Lee Van Cleef plays the title role in the first and third film: Sabata and Return of Sabata; his boots are filled by Yul Brynner for Adios, Sabata.
Both actors are very watchable. Brynner makes his only contribution to the Italian western – but they are not given much to do except look iconic in different ways: Van Cleef’s snake eyes and ratty grin exposing tombstone teeth; Brynner’s handsome face with its blank almost robotic determination.
The stories get increasingly complex – I had very little idea what was going on plotwise in Return of Sabata – but all three films see the black-clad loner getting the better of corrupt bankers, landowners and military men with dubious allegiances in dustblown towns. I’d say the first film is the strongest of the three.
It’s a bit maddening that these films aren’t built for plot, although the correlative lack of on-the-nose dialogue explaining what is going on is nice and refreshing.
Writer-director Parolini takes interesting risks with the pacing of Sabata. The initial bank robbery is over and the bandits all killed by our hero in the first 15 minutes. The rest of the film explores how Sabata uses his reward as a stake in a more complex power play.
Throughout the trilogy, Parolini uses circus people, especially acrobats, as supporting characters – which heightens the comedic feel of the films. The first film also features Banjo (Berger), an ambiguous wandering minstrel character, who is very much a jester figure.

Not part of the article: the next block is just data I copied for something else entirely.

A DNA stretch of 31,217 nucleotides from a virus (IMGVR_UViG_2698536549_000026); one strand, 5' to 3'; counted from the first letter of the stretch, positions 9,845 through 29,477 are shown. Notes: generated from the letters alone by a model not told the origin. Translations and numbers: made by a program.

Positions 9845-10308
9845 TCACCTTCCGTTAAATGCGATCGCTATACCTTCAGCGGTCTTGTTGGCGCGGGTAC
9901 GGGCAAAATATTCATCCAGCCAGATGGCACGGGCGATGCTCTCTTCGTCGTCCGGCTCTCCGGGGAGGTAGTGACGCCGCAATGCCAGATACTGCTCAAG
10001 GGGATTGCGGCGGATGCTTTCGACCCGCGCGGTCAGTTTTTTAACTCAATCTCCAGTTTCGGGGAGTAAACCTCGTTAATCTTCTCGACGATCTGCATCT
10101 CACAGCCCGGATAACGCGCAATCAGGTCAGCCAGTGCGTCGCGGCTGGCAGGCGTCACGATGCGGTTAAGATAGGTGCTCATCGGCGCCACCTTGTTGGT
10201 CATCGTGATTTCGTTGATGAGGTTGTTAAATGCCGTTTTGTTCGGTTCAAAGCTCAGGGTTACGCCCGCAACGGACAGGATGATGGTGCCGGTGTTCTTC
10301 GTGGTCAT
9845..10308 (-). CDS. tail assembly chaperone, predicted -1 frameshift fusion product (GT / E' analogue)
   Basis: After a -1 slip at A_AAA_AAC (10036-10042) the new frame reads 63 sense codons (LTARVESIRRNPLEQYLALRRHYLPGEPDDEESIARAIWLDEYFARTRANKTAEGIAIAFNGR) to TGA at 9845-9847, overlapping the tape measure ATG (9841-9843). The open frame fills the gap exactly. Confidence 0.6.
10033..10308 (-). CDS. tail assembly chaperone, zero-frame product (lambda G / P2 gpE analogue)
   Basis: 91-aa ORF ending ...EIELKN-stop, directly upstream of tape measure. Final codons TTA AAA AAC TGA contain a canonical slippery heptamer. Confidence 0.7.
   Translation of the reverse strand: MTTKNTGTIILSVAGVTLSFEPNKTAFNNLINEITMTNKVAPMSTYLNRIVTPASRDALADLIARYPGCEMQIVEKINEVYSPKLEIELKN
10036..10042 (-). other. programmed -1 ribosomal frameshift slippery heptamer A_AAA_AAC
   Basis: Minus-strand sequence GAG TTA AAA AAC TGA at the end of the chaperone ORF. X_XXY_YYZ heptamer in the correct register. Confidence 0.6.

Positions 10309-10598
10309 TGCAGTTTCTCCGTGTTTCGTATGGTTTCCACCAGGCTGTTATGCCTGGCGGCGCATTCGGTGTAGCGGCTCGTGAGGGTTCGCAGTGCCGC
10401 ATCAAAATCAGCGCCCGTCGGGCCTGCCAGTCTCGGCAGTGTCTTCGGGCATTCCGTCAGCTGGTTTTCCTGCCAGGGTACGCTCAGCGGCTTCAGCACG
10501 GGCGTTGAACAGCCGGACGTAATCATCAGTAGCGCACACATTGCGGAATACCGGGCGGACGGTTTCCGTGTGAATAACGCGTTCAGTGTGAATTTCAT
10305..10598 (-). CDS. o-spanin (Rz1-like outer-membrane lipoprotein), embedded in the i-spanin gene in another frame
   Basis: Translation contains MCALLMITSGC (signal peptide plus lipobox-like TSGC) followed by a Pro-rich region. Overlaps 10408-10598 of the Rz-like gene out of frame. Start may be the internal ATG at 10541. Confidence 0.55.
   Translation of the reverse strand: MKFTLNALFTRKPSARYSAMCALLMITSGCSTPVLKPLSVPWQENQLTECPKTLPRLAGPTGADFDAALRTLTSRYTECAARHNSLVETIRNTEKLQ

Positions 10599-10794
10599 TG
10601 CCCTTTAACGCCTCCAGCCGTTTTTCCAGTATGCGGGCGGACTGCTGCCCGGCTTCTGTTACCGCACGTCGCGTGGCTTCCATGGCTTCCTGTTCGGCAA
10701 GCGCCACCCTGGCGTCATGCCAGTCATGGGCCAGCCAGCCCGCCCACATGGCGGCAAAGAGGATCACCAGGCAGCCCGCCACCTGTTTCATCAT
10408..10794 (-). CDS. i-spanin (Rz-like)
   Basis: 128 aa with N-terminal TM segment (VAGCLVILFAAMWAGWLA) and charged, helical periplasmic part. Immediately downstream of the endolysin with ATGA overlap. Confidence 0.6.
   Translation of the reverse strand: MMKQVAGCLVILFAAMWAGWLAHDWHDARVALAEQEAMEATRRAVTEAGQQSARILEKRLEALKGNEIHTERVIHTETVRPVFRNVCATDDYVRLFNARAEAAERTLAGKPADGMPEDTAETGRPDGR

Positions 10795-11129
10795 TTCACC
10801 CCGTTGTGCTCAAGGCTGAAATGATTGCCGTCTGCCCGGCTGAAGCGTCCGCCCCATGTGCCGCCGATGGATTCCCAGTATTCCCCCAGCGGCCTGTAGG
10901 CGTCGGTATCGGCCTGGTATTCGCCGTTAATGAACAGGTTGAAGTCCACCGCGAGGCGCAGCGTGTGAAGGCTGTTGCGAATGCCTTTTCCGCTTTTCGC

To call the trilogy comedic is to designate a mood rather than a propensity for jokes and quips. Especially in Return of Sabata, the plot seems to drift from one odd incident to another – there’s no sense of events being driven by character or of the drift being necessary or inexorable.
All three feature interesting soundtracks with catchy ‘call and response’ vocal elements. Marcello Giombini sets the pace in the first and third films; Bruno Nicolai is more orchestral in Adios, Sabata.
There are great set pieces in all three films but Sabata comes across as more technically accomplished, at least in so far as seamlessly working mean-eyed close ups and nicely choreographed tracking shots into the narrative.
There are also some nice supporting characters and details: the fish-eyed, combed-over villain Stengel (Franco Ressel) and a slapping ruler sound effect in Sabata.
It’s a pity there’s no Italian audio versions included – although perhaps I am dreaming that this would make the films more comprehensible.